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The TCP/IP Guide

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Table Of Contents  The TCP/IP Guide
 9  TCP/IP Application Layer Protocols, Services and Applications (OSI Layers 5, 6 and 7)
      9  TCP/IP Key Applications and Application Protocols
           9  TCP/IP File and Message Transfer Applications and Protocols (FTP, TFTP, Electronic Mail, USENET, HTTP/WWW, Gopher)
                9  TCP/IP Electronic Mail System: Concepts and Protocols (RFC 822, MIME, SMTP, POP3, IMAP)
                     9  TCP/IP Electronic Mail Access and Retrieval Protocols and Methods

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TCP/IP Electronic Mail Mailbox Access Model, Method and Protocol Overview
(Page 2 of 3)

E-Mail Access and Retrieval Models

For the reasons just examined, there is an advantage to providing more than one way to access a mailbox. RFC 1733, Distributed Electronic Mail Models In IMAP4, describes three different paradigms or models for mail access and retrieval:

  • Online Access Model: This is the mode of access that we would all be using in my “ideal world” scenario, where every machine was always connected to the Internet running an SMTP server. You would have constant, direct online access to your mailbox. In the real world, this model is still used by some Internet users, especially those who have UNIX accounts or run their own SMTP servers. I call this direct server access.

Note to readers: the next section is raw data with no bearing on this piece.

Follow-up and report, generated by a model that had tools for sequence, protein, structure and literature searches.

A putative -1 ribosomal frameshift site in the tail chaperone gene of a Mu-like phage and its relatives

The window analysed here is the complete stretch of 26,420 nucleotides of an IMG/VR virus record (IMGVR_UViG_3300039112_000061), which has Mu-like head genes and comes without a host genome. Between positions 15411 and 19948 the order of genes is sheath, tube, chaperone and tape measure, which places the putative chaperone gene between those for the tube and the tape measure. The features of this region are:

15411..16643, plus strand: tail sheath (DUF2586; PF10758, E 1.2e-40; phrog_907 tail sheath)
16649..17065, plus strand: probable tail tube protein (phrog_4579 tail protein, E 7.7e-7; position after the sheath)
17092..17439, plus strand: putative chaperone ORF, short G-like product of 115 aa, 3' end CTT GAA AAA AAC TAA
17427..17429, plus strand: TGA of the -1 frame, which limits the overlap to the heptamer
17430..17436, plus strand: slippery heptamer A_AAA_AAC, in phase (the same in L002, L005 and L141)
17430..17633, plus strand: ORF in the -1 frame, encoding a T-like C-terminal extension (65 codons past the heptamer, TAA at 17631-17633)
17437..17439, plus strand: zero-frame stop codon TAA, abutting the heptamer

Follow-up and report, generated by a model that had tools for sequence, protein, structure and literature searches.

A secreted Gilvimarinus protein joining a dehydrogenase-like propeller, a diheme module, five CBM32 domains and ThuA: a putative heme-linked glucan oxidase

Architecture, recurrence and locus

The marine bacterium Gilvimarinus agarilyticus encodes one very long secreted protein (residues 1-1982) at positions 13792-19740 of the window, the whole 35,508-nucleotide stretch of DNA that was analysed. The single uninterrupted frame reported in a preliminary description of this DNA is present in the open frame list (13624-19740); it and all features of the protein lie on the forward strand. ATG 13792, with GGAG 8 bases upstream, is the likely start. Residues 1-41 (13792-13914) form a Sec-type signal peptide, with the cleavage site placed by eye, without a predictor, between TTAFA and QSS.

• Offline Access Model: In this paradigm, a user establishes a connection to a server where his or her mailbox is located. The user downloads received messages to the client device, and then deletes them from the server mailbox. All reading and other activity performed on the mail can be done “offline” once the mail has been retrieved.

  • Disconnected Access Model: This is a hybrid of online and offline access. The user downloads messages from the server, so he or she can read or otherwise manipulate them without requiring a continuous connection to the server. However, the mail is not deleted from the server, like in the offline model. At some time in the future, the user connects back with the server and synchronizes any changes made on the local device with the mailbox on the server.

    What sort of changes? Examples include marking whether or not a message has been read, to keep track of unread mail, and marking messages to which the user has already replied. These are important tools to help those with busy mailboxes keep track of what they need to do.

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Version 3.0 - Version Date: September 20, 2005

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